Sarasota-Manatee home prices flat in 2023, but Realtors expect price growth in 2024


After back-to-back double-digit yearly growth coming out of the pandemic, real estate prices in Sarasota-Manatee will round out the year mostly flat.

The most recent statistics available from the Realtors Association of Sarasota and Manatee reported the median single-family home sold for $495,000 in November while the median in 2022 was $500,000, a decrease of 1%.

On the year, prices remain up 1% even though the number of homes for sale has climbed by more than 1,300 active listings, with about 4,800 single-family homes currently for sale in the two-county region.

The number of single-family homes for sale at the end of 2021 sat at just 1,024, according to RASM statistics.

One of the bedrock principles in economics is that as supply increases price should go down, as long as demand remains the same.

The Sarasota-Manatee housing market has not reacted as economic textbooks would predict.

The stickiness of home prices comes even as the Federal Reserve has raised interest rates 11 times since March 2022, with mortgage rates near 8% last month — the highest experienced by homebuyers in about 20 years.

Rising interest rates should also decrease demand, lowering prices as the cost to borrow money increases. But that doesn’t appear to be the case in the local real estate market either, according to statistics maintained by RASM.

The RASM statistics show that through the first 11 months of 2023, closed sales are up 0.5%, indicating a slight uptick in demand compared to 2022.

Robert Goldman, a local Realtor with Michael Saunders & Company, said the 2021 and 2022 real estate markets were fueled by a once-in-a-lifetime event, pointing to COVID lockdowns across the country as well as the many people who accelerated retirement during that period of uncertainty.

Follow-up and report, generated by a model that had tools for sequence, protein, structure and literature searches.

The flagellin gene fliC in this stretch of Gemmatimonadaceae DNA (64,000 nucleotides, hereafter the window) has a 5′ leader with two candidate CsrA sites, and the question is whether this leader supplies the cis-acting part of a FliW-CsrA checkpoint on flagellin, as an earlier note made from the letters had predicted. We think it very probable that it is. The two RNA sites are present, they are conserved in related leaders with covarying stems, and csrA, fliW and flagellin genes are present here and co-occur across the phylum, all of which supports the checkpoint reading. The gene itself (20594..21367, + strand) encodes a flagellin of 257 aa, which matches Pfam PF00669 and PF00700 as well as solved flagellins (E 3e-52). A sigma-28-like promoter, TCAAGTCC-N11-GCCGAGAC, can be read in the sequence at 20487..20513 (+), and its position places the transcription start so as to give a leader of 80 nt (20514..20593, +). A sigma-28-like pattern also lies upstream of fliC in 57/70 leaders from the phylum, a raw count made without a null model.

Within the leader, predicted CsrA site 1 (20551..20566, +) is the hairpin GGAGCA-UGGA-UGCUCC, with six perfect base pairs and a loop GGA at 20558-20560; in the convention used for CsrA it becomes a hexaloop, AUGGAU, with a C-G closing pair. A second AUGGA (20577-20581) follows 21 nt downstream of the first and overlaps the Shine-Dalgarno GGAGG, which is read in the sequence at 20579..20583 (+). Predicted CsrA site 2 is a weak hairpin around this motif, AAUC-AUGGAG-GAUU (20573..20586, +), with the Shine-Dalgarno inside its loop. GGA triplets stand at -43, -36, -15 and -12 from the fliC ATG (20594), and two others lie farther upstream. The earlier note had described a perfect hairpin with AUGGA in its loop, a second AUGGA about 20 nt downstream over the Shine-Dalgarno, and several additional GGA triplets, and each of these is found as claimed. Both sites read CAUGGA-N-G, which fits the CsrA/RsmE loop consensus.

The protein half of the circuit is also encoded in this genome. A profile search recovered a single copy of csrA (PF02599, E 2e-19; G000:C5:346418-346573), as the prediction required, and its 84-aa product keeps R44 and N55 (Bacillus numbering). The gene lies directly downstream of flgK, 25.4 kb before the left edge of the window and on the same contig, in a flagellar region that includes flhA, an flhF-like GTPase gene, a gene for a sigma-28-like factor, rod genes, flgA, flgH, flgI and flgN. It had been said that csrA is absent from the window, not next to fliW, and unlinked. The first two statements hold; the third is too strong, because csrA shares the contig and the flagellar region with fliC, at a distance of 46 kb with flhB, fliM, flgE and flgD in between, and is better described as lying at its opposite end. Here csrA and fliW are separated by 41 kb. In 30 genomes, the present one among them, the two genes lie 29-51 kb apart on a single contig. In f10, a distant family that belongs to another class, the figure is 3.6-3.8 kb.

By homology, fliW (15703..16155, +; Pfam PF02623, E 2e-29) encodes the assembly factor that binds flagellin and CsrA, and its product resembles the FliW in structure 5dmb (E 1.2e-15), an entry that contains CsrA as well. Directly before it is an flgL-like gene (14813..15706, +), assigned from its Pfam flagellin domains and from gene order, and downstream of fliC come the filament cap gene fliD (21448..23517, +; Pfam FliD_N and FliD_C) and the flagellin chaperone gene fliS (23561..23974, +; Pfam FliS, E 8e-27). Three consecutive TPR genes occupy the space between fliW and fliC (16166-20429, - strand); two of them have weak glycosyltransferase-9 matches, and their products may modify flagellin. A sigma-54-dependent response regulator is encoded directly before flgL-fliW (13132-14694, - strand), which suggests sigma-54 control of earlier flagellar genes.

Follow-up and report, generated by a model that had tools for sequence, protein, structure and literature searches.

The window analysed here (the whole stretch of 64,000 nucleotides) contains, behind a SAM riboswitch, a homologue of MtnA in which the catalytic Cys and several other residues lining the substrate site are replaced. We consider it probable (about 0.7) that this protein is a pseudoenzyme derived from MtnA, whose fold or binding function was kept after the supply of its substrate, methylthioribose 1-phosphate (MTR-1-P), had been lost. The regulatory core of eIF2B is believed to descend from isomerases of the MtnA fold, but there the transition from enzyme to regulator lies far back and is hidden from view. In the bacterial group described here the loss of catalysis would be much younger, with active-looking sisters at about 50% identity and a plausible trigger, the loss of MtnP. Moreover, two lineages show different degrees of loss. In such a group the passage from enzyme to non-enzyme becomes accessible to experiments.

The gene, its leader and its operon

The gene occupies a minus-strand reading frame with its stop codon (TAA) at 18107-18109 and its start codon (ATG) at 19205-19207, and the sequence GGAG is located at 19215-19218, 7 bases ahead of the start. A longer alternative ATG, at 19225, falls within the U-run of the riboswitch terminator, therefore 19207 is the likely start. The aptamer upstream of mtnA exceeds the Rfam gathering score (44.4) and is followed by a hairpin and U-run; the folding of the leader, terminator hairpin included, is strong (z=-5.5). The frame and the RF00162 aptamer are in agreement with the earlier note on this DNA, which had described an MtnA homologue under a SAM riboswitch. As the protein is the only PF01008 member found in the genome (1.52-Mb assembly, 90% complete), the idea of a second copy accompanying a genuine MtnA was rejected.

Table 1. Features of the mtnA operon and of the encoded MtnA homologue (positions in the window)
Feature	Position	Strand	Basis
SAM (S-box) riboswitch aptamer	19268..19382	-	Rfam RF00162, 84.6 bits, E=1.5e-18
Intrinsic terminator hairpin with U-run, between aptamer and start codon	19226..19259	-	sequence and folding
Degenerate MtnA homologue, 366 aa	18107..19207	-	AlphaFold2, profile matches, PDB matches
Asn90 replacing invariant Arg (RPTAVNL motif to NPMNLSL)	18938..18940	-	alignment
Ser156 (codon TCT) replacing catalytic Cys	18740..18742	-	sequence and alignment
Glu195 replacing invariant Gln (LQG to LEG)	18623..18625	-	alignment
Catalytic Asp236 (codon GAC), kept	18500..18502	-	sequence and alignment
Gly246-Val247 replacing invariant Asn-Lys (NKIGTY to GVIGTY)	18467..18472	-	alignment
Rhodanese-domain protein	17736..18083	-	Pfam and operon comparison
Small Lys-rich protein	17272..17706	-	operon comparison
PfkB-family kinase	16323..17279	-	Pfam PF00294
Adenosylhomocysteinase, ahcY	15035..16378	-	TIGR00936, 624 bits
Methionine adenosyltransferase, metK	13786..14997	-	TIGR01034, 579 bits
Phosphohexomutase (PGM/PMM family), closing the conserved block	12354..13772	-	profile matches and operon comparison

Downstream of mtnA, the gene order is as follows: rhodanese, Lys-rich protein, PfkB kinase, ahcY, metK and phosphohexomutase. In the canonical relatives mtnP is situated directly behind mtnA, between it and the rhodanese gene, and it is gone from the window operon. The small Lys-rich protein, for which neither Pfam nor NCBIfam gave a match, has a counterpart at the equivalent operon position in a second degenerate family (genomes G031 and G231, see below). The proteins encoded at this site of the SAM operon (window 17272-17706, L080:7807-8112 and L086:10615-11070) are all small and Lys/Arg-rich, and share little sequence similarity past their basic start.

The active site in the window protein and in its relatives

Goldman said the stubbornness of local pricing has a lot to do with continued demand for a growing area.

“It is a remarkable thing when you consider how high (mortgage) rates went up,” he said, about 2023’s flat price increase.

While the runaway home prices experienced in 2021 and 2022 seem to be over, Goldman noted that 2024 should be a good year for homeowners, given FED Chairman Jerome Powell indicated in mid-December the nation’s central bank would cut rates three times next year.

Goldman said because of the elevated interest rates, there could be a lot of “pent-up demand” from buyers who were priced out of the market because of the higher rates.

As rates come down, those buyers will come back to the market and prices will likely increase, he said.

“Once rates stabilize, homebuyers and sellers will adjust to the new norm and prices will begin to rise,” he said.

Roger Pettingell, a waterfront luxury specialist with Coldwell Banker Realty, said he has sold about $110 million worth of real estate, with another $40 million currently pending, this year.

However, he was credited with a sales volume of $200 million in 2022, the highest of any Realtor in the area ever.

The luxury market remains strong, he said, pointing to several sales above $10 million, including a record $11.5 million sale on Bird Key earlier in December.

Pettingell has lived in the region for decades and experienced the growth of the luxury market through the years.

He said he views recent projects like St. Regis Residences on Longboat Key and luxury condo towers in downtown Sarasota as good signs for the future of local real estate owners.

“That just shows the confidence and comfort in the Sarasota area,” he said about the luxury projects. “Developers see us as not just a viable market, but one that is growing.”

He said even property further and further from the water has been demanding higher and higher prices. He said when the University Town Center Mall first opened, he doubted its viability, but has been proven wrong.

“I was absolutely wrong and I couldn’t be happier,” he said. “It’s exciting to live in a community that is growing and not in decline.”

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